When quarks were first discovered, scientists realized that in theory several combinations should be possible. This included pairs of quarks and antiquarks (mesons); three quarks (baryons); three antiquarks (antibaryons); two quarks and two antiquarks (tetraquarks); and four quarks and one antiquark (pentaquarks) – as long as the number of quarks minus antiquarks in any combination was a multiple of three.
For a long time only baryons and mesons were seen in experiments. In 2003, the Belle experiment in Japan discovered a particle that did not fit anywhere. It turned out to be the first in a long line of tetraquarks. In 2015, the LHCb experiment at the LHC discovered two pentaquarks. The four new particles we recently discovered are all tetraquarks with a charm quark pair and two other quarks. All of these objects are particles, just as the proton and neutron are particles. But they are not fundamental particles: quarks and electrons are the real building blocks of matter.
Charming new particles
The LHC has now discovered 59 new hadrons. These include the recently discovered tetraquarks, but also new mesons and baryons. All of these new particles contain heavy quarks like “charm” and “soil”.
These hadrons are interesting to study. They tell us what nature considers acceptable as a bound combination of quarks, if only for a very short time. They also tell us what nature doesn’t like. For example, why do all tetra and pentaquarks contain a charm-quark pair (with only one exception)? And why are there no corresponding particles with strange quark pairs? There is currently no explanation.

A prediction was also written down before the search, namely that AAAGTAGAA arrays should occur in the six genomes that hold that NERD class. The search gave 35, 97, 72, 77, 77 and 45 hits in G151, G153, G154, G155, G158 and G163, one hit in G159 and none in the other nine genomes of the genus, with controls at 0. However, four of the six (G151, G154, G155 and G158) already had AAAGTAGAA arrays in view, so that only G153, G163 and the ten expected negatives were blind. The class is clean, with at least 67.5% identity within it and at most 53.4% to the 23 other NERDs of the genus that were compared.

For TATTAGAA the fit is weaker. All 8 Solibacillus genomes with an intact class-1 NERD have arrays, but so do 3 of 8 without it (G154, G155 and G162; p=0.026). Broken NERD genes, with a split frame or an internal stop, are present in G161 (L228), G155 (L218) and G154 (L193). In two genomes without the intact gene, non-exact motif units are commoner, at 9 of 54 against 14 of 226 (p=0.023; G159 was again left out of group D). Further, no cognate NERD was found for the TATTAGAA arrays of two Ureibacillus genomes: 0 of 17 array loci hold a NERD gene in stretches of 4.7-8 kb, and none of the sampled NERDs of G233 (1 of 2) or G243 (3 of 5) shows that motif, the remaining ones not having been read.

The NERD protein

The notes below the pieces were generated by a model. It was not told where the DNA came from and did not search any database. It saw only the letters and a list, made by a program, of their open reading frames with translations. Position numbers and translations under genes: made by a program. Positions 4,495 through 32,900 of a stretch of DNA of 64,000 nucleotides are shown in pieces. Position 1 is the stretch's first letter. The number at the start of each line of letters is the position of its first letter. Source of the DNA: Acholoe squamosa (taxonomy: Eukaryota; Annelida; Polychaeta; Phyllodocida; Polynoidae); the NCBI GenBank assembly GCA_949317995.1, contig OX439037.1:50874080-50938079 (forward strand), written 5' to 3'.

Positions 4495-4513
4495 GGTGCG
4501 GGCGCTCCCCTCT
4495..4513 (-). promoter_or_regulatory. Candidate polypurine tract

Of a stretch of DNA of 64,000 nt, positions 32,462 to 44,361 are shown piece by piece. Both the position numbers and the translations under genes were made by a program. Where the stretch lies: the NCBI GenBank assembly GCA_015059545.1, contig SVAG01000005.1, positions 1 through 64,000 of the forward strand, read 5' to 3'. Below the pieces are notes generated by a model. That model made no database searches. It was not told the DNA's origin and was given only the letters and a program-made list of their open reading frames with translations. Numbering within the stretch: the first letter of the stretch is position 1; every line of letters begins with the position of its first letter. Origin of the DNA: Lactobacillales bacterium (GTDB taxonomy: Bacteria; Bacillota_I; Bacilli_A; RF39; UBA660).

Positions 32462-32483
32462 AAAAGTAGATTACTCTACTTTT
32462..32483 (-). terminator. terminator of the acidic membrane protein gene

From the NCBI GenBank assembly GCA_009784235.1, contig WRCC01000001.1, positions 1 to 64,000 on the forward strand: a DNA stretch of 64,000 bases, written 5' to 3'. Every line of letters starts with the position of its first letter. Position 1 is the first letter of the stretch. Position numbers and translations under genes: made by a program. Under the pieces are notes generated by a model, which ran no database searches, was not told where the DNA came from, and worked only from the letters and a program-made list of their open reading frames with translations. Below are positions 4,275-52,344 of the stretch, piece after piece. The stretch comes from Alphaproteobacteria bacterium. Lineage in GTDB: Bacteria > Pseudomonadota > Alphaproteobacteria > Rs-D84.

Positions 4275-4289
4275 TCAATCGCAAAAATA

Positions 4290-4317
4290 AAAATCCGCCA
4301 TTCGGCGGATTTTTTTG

Are Pentaquarks Molecules? CERN
Another mystery is how these particles are connected to one another by the strong force. A school of theorists regards them as compact objects like the proton or the neutron. Others claim they are similar to “molecules” made up of two loosely bound hadrons. Each newly found hadron allows experiments to measure its mass and other properties that tell something about how the strong force behaves. This helps bridge the gap between experiment and theory. The more hadrons we can find, the better we can match the models to the experimental facts.
These models are critical to achieving the LHC’s ultimate goal: to find physics beyond the Standard Model. Despite its success, the Standard Model is certainly not the last word in understanding particles. For example, it is incompatible with cosmological models that describe the formation of the universe.
The LHC is looking for new fundamental particles that could explain these discrepancies. These particles could be visible at the LHC but hidden in the background of the particle interactions. Or they could show up as small quantum mechanical effects in known processes. Either way, a better understanding of the strong force is required to find it. With each new hadron we improve our knowledge of the laws of nature and lead us to a better description of the most fundamental properties of matter.
This article by Patrick Koppenburg, Particle Physics Research Fellow, Dutch National Institute for Subatomic Physics, and Harry Cliff, Particle Physicist, Cambridge University, is republished by The Conversation under a Creative Commons license. Read the original article.